The Economics department has finally decided to become economically efficient and "technologically sophisticated" an informed source i the department admitted yesterday.
"The department has begun to adopt some technological changes in the administration segment of its production function," he stated. "We are attempting to accumulate the information necessary for determining input-output ratios and other facts relevant to running an efficient business."
John T. Dunlop, Chairman of the Economics department, added that such a large scale operation as the Economics department was always looking for ways of improving its information:
With this aim in mind the department has made a statistical study including such factors as course sizes, relative popularity of the department in terms of concentrators, and "output mix of the graduate courses with respect to undergraduate enrollment, and vica versa."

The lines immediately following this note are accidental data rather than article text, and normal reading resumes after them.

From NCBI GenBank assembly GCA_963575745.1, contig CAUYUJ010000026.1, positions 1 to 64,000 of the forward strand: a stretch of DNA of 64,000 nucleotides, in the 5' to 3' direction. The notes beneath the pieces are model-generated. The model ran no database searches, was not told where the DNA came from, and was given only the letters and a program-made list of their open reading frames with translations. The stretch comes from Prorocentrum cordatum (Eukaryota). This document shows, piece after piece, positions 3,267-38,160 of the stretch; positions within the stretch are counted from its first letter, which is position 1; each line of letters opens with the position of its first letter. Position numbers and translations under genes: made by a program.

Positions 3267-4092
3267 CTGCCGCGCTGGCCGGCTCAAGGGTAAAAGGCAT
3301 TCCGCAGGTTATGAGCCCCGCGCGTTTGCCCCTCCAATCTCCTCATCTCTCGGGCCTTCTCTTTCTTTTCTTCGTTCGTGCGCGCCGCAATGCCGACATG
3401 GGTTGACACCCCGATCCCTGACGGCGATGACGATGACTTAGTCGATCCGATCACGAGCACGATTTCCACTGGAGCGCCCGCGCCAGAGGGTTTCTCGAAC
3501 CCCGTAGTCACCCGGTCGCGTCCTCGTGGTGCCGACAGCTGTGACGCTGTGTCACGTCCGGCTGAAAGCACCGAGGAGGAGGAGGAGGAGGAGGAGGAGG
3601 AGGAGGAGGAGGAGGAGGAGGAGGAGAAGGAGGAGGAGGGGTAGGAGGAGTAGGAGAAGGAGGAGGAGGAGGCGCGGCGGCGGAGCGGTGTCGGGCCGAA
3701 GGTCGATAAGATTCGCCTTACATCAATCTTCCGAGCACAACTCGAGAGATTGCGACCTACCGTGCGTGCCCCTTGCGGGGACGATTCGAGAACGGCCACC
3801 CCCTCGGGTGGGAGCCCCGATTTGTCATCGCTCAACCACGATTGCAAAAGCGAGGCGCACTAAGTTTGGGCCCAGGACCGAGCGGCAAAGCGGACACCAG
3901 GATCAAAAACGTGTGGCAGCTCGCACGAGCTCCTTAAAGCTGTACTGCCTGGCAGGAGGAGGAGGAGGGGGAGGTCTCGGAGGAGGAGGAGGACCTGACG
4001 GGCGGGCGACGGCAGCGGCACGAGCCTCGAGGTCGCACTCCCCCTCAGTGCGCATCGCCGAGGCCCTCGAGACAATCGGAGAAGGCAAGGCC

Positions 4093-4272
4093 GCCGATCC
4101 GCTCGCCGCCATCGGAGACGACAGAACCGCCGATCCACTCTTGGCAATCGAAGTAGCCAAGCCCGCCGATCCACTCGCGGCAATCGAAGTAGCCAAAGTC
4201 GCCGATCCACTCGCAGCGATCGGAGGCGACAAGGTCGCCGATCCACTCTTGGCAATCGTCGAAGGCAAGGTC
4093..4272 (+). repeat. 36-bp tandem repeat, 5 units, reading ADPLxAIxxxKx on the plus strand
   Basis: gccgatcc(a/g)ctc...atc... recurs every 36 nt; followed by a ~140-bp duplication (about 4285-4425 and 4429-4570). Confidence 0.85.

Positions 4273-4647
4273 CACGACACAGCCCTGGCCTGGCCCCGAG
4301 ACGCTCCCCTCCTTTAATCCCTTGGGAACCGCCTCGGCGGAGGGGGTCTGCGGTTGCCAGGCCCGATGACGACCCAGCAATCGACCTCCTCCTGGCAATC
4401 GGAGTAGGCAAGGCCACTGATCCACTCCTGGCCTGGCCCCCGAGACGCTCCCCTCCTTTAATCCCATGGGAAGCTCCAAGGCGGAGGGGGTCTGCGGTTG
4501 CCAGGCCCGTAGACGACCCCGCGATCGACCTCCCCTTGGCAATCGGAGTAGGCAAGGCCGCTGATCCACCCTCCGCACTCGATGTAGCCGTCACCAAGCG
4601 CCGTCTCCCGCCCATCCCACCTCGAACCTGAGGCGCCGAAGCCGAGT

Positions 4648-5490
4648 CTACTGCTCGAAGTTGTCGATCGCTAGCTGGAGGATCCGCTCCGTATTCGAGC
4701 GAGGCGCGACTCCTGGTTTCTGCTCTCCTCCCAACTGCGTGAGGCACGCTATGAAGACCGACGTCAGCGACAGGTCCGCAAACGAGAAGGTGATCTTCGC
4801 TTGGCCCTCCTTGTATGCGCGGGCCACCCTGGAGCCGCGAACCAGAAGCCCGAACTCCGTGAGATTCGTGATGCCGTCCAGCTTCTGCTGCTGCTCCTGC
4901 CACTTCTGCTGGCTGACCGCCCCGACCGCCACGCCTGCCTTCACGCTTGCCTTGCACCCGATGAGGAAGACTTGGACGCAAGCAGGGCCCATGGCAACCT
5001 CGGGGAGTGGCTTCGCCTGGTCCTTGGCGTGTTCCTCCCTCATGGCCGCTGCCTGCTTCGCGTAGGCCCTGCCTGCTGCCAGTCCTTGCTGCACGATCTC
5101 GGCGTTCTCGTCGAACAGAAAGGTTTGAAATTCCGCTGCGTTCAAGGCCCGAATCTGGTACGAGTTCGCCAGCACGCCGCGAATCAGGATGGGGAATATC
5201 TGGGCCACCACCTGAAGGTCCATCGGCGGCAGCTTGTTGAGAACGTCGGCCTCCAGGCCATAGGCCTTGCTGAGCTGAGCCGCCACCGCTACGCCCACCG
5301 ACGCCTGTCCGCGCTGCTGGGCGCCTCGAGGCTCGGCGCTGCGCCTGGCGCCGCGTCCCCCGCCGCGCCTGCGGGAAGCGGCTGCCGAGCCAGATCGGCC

While Ec 1 has grown by more than 250 students over the past ten years, the department as a whole has declined in student popularity. Over this same period the proportion of students concentrating in the field has dropped from 10.7 per cent in 1953 to 5.7 per cent in 1962.
The only statistics that seem to correlate with these facts show that since 1953 a higher percentage of seniors in the department have not graduated than in the College in general. In 1963 5.9 per cent "lost degrees" while only 2.8 per cent failed to graduate in, 1953.
Slightly more useful information in the report concerned "manpower input." Because of the heavy work load an additional full-time appointment was made.
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